Cloud Business Integration: The Cost of Going Full-Cloud

  October 21, 2022 | Christopher Sayadian | The Cloud


Full Cloud Business Integration: Is It Right for Your Business?


Key takeaways:

Many companies are taking advantage of cloud business integration to utilize its many features and efficiencies for optimal performance. However, there are many factors to consider before completely switching over from on-premises technology. Understanding the full scope and impact of the effort is essential. While each business’s needs and situation are unique, some things to consider include:


  • Costs associated with sunsetting existing on-premises equipment
  • Forecasting technology expenses
  • Requiring more Cloud services than anticipated
  • Data transfer and uploading costs
  • Premium fees for dedicated Cloud services
  • The need to redesign or refine existing workflows
  • Retraining the IT team or hiring a new one with Cloud expertise
  • Time spent on Cloud planning


The mature Cloud offers organizations the ability to eliminate the need to buy and maintain major physical IT infrastructure and only pay for services that they need. Cloud technology also offers benefits like enhanced efficiency and support for remote workers. At Handled, we help many businesses go full-Cloud, but we always take the time to get ask questions and get a holistic view of operations and requirements first—because the answer to “Should my business move everything to the Cloud all at once?” is, “It depends.”


When it comes to costs, many Cloud services offer pricing calculators that can help with estimates, but there can be other issues at play that business leaders need to consider. Determining whether to go full-Cloud or continue to use on-premises technology is contingent on many factors—including what a business does, its size, and its goals. Some additional issues to consider include:


  • Existing infrastructure. The age of on-premises equipment, contracts for maintenance or leasing, and fees associated with cancellation must be evaluated. The costs invested in current infrastructure may be significant. It may make more sense to revisit Cloud services at a later date or use them only for certain operations.
  • Budget forecasting. Estimating future expenses can be easier with on-premises technology since it’s already bought and paid for. Is the organization willing to adjust to greater uncertainty in this area?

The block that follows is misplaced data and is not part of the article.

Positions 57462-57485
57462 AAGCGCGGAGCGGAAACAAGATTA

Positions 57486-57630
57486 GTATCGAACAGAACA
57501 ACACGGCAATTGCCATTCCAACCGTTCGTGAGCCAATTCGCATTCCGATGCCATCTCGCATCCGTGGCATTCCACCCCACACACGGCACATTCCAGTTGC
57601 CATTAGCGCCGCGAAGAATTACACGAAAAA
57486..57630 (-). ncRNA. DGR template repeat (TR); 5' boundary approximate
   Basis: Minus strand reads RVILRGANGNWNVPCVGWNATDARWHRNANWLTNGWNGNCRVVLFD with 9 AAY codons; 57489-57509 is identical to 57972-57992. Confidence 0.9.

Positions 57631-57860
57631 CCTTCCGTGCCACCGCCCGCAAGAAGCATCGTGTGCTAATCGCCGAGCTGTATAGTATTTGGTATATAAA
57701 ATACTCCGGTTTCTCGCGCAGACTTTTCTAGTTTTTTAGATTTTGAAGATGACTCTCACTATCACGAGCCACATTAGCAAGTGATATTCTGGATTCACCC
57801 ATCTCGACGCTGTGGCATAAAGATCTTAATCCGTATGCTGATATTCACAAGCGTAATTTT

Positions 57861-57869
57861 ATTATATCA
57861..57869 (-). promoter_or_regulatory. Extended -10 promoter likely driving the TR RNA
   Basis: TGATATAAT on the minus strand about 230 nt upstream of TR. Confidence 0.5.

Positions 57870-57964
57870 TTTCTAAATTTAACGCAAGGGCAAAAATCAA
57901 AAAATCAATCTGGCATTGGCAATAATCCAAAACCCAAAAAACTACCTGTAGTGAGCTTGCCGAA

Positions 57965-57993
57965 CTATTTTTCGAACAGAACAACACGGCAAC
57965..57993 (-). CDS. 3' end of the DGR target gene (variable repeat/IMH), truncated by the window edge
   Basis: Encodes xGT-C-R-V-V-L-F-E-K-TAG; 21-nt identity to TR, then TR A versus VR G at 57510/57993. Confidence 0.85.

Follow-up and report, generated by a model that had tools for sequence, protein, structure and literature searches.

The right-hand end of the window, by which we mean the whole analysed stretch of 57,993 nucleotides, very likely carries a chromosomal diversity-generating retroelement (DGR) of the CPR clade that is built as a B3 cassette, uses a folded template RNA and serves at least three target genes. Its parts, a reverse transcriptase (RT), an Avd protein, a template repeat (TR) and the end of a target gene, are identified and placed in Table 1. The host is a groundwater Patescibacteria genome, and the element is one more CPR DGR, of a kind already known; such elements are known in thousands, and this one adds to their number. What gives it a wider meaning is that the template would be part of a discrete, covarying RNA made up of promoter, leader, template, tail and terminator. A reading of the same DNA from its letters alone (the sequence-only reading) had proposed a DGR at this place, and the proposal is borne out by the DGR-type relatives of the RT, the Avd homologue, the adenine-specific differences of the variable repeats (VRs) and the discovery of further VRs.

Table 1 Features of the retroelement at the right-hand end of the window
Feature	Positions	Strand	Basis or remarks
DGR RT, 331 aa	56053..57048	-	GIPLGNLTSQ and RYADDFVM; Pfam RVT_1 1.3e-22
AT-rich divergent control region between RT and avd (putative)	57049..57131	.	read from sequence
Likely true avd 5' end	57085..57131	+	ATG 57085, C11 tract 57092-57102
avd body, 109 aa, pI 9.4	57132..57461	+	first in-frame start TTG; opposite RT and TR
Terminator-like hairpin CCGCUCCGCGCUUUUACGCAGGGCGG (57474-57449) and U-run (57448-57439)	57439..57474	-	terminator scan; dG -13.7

• Service requirements for cloud business integration. While businesses pay only for what they use in the Cloud, the services they need may be more significant than anticipated. Besides a web server and a data server, a testing environment, redundant systems, and a backup may also be required.
  • Data transfer. Transferring large amounts of data to the Cloud can also add to costs. In addition, uploading costs during normal operations tend to be more costly than those to download.
  • Dedicated vs. shared Cloud. Dedicated Cloud infrastructure, which many organizations may require, costs more than the shared equivalent. Does the business need private infrastructure, or is it able to use shared servers?
  • Workflow modification. Some organizations may be able to do a “lift and shift” of processes and procedures into the Cloud environment, but in many cases, those workflows may need to be completely rethought. This may also require changing the organizational infrastructure and training to reskill existing employees. Shifting job responsibilities may also affect the salary structure.
  • IT management. Cloud services still require professionals to connect internal systems to the Cloud and maintain them, manage and update cybersecurity protocols and protections, and more.
  • Planning costs. The effort a Cloud migration requires can include the need to hire outside consultants, determining how data will be moved, what the impact will be on users, and more. This large-scale project can also impact operations by diverting employees from working on other key initiatives and functions. However, effective preparation and management can mitigate these costs.


So Who Should Consider Full-Cloud?

There are no hard-and-fast rules about what kinds of organizations should proceed with a cloud business integration or when. It is usually easier for smaller businesses to transition, and newer businesses can be on it from day one. It also depends on the type of work being done.


For example, a copywriting business dealing mainly in text-based documents could easily go full-Cloud, while a marketing agency focusing on video might need in-house infrastructure to ensure employees can quickly upload, download, and manipulate large video data files. Both companies are in the same field, but their needs are very different.


To effectively assess whether an organization should go full-Cloud, leaders need to determine what it wants to accomplish (both short- and long-term), what Cloud functions and capacity it needs to meet those goals, and the associated costs. If the costs are significant, or if budget forecasting is a factor, then leaders need to weigh the benefits as well as the risks. In some cases, a hybrid approach or phasing in Cloud services over time to replace on-premises technology may be the best solution.


It can be challenging for business leaders to figure out the best approach to Cloud on their own. If your organization needs clarity on the total costs or other insights associated with migrating to the Cloud, Handled is here to help. Contact us to get started.

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